I am awed and inspired by the work of Dutch artist Theo Jansen, who creates "sand beasts," kinetic sculptures that roam on the coast near his house in the Netherlands.
Jansen's sandbeesten remind me of this passage from Caspar Henderson's essay "Rereading The Book of Imaginary Beings by Jorge Luis Borges":
Such creatures, he writes, "remind us of what is beyond dream – the real forms of living creatures that exist without human agency....For we who live in the light of what paleontology, evolutionary biology and genetics are revealing about living forms, our response to the real may – will, if we are truly awake – be one of astonishment and wonder at life's inventiveness. Even ordinary-seeming animals are marvellous in the light of evolution: the chicken, for example, is the closest living relative of Tyrannosaurus rex. Extraordinary ones make those in the pages of a medieval bestiary seem poor indeed. Compared to the leafy sea dragon (a cousin of the seahorse that looks very much like seaweed and yet also like a dragon) and the sea slug Elysia chlorotica (which photosynthesises with genes stolen from the algae it eats, and is as green as a leaf), the mythical Barometz, or vegetable lamb of Tartary, is a dull affair.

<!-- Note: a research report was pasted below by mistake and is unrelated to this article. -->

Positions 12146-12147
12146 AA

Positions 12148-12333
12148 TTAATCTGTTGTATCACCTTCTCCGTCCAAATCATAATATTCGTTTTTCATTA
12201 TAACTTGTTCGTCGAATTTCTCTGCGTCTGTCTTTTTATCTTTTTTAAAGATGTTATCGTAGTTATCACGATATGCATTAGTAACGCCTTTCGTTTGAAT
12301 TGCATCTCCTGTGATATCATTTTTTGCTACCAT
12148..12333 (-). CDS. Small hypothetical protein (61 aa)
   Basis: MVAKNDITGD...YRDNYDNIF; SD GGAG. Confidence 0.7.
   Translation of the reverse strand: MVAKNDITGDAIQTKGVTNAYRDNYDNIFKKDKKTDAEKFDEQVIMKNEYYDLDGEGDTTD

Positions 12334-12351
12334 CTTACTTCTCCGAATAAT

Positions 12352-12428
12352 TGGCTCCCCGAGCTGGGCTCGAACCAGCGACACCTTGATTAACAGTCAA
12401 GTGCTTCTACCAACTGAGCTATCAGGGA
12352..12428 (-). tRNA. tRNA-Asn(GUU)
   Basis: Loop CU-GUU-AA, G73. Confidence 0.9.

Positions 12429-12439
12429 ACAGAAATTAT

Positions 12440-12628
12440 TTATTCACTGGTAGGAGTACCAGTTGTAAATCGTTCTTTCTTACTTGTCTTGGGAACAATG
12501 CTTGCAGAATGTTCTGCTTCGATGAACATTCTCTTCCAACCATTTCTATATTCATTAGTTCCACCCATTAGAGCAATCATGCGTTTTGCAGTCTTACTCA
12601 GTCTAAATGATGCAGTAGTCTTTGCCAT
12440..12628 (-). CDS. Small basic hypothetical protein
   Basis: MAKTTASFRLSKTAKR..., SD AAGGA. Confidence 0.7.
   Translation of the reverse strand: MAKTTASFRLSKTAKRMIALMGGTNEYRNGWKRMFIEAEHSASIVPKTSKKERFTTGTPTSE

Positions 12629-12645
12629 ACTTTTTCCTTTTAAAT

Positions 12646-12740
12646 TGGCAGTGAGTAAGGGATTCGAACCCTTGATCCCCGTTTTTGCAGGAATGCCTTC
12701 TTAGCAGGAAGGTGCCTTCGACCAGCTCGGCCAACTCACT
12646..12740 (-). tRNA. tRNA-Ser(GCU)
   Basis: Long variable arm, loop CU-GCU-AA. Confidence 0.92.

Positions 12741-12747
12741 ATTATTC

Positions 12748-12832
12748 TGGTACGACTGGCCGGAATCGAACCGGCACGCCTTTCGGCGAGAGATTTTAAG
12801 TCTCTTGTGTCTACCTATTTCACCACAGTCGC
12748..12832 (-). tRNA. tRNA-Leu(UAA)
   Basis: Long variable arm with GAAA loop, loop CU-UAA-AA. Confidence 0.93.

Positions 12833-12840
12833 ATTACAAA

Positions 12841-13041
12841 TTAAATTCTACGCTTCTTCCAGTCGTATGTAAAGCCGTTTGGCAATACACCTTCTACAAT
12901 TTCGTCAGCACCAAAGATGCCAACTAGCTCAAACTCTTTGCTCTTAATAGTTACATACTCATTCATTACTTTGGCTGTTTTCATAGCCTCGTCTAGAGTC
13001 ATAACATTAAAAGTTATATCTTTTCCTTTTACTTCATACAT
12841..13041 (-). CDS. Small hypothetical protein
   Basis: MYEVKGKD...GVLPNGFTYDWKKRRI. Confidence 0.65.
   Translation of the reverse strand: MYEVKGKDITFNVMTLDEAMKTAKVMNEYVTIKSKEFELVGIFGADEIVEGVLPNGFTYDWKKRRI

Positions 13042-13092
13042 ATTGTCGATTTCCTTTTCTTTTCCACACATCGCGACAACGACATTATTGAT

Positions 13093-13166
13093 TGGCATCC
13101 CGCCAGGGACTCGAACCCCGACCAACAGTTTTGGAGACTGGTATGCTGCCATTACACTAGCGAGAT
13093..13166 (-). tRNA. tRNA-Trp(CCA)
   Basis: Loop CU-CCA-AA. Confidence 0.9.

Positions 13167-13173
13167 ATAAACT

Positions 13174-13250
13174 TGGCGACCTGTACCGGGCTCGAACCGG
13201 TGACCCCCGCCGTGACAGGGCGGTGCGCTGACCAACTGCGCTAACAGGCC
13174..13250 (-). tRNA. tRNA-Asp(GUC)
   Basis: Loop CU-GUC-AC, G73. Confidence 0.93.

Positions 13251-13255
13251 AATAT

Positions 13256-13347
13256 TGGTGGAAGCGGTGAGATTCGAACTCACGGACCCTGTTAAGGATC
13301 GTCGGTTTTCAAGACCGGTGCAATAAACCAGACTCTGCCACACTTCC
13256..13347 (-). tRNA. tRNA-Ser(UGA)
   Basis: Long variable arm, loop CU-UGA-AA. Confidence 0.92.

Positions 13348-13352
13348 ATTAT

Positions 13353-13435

"The contemplation of natural history allows us to marvel at our place in the universe. As Charles Darwin wrote early in his career, 'If, as the poets say, life is a dream, I am sure in a voyage these are the visions which serve best to pass away the long night.' "
(Casper Henderson is the author of The Book of Barely Imagined Beings: A 21st Century Bestiary.)
The film below, "Strandbeest Evolution," shows numerous examples of the beasts as they've evolved since 1990, with the music of Khachaturian's Spartacus. (For a more in-depth look at the artist's creative process, listen to his 2007 TED talk here.)